For changing out the pots and the switches and the wiring (my ES-335 needs this more than my Les Paul does, but I’m fantasizing here so leave me alone) I would get a wiring harness. The question then becomes, do I get a 50’s wiring harness or do I get a 50’s wiring harness that includes the Peter Green out-of-phase mod? I think I’d do the Peter Green thing. If so, I’d probably go with Gunstreet Wiring Shop- Les Paul Standard – 50S Out Of Phase – Wiring Harness.

Obviously I am way too much of a wuss to even daydream about installing any of this stuff myself. If I do it, I’m getting an experienced tech to do it. That goes without saying.

On a similar topic, when I bought my Les Paul in 1990 it was 12 years old and it was seriously modded already. Both of the original pickups were gone, and it had a Bigsby vibrato. The pickups bothered me. The neck was a DiMarzio which sounded nice. The bridge was a Jackson that was crap, although it had a seriously high output that I liked. I removed the Bigsby within about 10 minutes of bringing the guitar home, but it was years before I did anything about the pickups. I had always thought about trying to bring the guitar back to stock, or at least as close as I could get them. In 2006 (I think) I had Larry replace both pickups with Gibson Classic ’57s. Again, the Neck was nice but the bridge wasn’t. A few years ago I had Guitar Center swap the bridge for a Gibson Dirty Fingers reissue. Again, a really high output.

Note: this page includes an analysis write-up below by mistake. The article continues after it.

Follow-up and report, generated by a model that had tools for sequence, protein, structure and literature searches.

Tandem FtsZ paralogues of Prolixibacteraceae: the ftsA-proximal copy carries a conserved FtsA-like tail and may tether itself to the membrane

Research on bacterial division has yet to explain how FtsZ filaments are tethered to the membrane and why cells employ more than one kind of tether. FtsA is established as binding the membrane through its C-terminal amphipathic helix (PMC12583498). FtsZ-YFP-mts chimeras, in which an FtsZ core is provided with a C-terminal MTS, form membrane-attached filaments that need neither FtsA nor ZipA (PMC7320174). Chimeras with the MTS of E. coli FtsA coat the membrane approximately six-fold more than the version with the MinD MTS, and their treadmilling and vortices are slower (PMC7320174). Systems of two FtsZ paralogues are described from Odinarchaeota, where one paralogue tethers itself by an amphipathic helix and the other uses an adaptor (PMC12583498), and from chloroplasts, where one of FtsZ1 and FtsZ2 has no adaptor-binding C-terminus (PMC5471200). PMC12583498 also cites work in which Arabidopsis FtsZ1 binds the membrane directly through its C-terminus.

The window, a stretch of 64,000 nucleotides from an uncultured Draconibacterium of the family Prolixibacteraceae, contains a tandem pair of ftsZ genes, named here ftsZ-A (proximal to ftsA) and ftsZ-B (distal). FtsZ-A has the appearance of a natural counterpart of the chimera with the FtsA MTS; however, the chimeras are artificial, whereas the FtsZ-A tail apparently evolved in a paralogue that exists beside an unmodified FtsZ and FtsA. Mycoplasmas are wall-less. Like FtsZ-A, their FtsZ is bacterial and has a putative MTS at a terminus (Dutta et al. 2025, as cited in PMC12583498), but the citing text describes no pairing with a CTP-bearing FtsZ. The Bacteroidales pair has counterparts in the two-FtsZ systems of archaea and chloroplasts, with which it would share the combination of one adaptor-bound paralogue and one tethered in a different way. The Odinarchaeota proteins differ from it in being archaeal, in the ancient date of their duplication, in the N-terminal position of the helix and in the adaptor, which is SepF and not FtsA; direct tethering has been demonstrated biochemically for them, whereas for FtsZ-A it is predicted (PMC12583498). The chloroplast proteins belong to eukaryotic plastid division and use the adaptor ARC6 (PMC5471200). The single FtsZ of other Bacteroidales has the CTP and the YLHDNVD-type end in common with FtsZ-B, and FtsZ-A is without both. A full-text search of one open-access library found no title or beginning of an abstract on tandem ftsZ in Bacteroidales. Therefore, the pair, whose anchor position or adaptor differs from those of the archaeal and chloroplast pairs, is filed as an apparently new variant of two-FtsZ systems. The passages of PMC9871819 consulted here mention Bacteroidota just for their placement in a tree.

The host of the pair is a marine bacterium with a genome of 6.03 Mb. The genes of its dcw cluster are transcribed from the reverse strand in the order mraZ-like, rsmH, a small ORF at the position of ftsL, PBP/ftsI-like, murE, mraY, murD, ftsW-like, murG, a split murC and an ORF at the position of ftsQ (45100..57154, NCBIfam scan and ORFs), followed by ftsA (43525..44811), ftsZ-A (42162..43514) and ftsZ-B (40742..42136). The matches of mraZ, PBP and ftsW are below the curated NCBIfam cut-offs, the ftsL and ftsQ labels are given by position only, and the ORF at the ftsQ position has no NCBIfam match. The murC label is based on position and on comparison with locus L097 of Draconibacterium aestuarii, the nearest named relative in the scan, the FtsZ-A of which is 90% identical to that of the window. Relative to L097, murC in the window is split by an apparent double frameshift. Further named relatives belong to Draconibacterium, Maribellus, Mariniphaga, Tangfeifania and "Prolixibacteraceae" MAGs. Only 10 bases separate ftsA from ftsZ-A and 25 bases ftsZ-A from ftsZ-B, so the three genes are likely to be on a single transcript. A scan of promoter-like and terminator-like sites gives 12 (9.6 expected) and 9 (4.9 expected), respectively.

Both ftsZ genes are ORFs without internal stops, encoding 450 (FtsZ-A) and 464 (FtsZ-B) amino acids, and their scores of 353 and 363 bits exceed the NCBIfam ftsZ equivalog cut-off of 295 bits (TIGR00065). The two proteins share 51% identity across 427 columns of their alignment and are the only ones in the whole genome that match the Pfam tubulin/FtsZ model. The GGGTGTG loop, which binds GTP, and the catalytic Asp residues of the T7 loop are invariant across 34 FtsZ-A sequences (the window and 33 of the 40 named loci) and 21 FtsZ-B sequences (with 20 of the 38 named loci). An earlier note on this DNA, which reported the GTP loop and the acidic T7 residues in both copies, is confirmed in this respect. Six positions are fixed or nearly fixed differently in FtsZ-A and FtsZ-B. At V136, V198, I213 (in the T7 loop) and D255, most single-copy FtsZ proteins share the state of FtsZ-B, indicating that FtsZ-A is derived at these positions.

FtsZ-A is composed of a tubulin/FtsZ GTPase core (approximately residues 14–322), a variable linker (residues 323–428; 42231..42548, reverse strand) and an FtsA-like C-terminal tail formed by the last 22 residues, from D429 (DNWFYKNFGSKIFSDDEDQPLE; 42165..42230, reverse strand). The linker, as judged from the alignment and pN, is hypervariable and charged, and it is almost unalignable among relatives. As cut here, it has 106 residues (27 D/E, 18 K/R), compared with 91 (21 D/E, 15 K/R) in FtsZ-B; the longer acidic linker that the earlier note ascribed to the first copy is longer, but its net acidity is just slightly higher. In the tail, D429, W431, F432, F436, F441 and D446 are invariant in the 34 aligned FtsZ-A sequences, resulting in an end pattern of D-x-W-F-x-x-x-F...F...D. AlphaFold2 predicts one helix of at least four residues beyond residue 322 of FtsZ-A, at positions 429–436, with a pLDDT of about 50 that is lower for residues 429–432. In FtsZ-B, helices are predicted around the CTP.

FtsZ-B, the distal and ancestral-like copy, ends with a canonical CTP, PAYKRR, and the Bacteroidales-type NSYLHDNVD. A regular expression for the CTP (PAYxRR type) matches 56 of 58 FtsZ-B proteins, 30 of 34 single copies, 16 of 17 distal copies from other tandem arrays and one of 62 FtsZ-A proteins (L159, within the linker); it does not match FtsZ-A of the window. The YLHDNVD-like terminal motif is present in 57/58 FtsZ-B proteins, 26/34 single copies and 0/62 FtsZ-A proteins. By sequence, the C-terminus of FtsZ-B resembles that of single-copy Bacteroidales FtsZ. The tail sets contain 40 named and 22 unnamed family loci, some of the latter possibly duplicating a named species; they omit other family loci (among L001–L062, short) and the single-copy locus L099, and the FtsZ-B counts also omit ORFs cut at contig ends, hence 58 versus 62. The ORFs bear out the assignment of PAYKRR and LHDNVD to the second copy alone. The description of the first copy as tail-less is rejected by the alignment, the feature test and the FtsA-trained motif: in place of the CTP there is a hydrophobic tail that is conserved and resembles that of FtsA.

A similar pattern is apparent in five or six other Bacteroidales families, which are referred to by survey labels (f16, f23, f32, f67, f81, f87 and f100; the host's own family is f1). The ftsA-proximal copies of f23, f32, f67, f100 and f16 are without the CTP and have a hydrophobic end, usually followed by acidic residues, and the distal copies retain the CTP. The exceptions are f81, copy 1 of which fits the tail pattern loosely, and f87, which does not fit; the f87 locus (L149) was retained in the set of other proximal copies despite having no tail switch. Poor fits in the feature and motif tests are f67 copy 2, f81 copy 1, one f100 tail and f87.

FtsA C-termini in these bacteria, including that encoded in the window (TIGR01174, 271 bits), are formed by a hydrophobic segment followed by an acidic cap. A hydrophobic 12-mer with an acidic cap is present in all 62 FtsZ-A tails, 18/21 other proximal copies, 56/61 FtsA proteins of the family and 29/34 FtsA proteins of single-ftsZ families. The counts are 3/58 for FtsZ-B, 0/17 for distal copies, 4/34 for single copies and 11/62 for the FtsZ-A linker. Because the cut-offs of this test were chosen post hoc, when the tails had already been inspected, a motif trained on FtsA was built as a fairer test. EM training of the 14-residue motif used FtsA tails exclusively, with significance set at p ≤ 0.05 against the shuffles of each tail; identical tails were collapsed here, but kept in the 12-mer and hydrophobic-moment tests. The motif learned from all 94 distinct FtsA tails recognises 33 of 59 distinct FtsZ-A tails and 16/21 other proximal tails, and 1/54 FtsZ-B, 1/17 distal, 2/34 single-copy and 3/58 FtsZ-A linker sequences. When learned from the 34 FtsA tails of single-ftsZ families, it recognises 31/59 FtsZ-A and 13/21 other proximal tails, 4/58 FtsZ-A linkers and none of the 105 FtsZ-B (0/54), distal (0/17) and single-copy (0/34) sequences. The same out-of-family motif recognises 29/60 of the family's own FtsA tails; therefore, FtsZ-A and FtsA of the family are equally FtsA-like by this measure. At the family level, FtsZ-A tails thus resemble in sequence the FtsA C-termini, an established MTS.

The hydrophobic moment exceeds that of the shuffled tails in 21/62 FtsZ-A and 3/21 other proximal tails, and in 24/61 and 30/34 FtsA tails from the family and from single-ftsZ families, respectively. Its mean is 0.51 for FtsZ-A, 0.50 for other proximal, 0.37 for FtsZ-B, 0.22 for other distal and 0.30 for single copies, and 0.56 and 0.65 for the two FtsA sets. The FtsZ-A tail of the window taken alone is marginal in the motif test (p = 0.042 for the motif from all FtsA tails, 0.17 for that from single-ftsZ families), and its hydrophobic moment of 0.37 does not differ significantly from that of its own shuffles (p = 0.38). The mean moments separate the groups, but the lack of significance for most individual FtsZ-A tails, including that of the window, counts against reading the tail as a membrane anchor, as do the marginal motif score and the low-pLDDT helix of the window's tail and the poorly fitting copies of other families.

Now, after doing some research I know that the correct pickups I would need to get back to 1978 stock would be TTops. I can get clones of those too, even with the gold covers. I think I might have a good chance of getting actual 70’s TTops on ebay rather than clones, but if I am going to do this I am going for some really sweet PAF clones. Screw period correct, I want 50’s everything. I wonder how much it would cost to get the body refinished and painted gold like a 1957 Goldtop Standard. I bet that would cost a small fortune. Then again, if I wanted to be Les Paul Custom accurate I would have to paint it black, not gold. Prior to 1958 standards were gold and customs were black. Black Les Pauls look awesome, but nothing beats the old Goldtops.

Suffice to say, if I ever hit the lottery for hundreds of millions of dollars, the first thing I’m buying is a 1957 Les Paul standard. The second thing I’m buying is a 1959 sunburst Les Paul Standard. A ’57 would be insanely expensive. A ’59 would cost me pretty much all of my lottery winnings. Totally worth it though.

ADDENDUM: I tried to write about the Peter Green “out of phase mod” and typo’d it to “out of phrase mod”. I am clearly mentally defective. I fixed it though.

Guitar Maintenance Day

My Les Paul had a maintenance day. I cleaned it up a smidge and put on new strings. I also plugged in the headphone amp I got for Christmas. It really does sound like a Vox AC30. It’s such a groovy little gadget.

Every time I look at either of my 40+ year old guitars I start to think of the work they need to do and I get scared. This guitar needs fret work, and I think one of the inlays might be coming out. Yikes!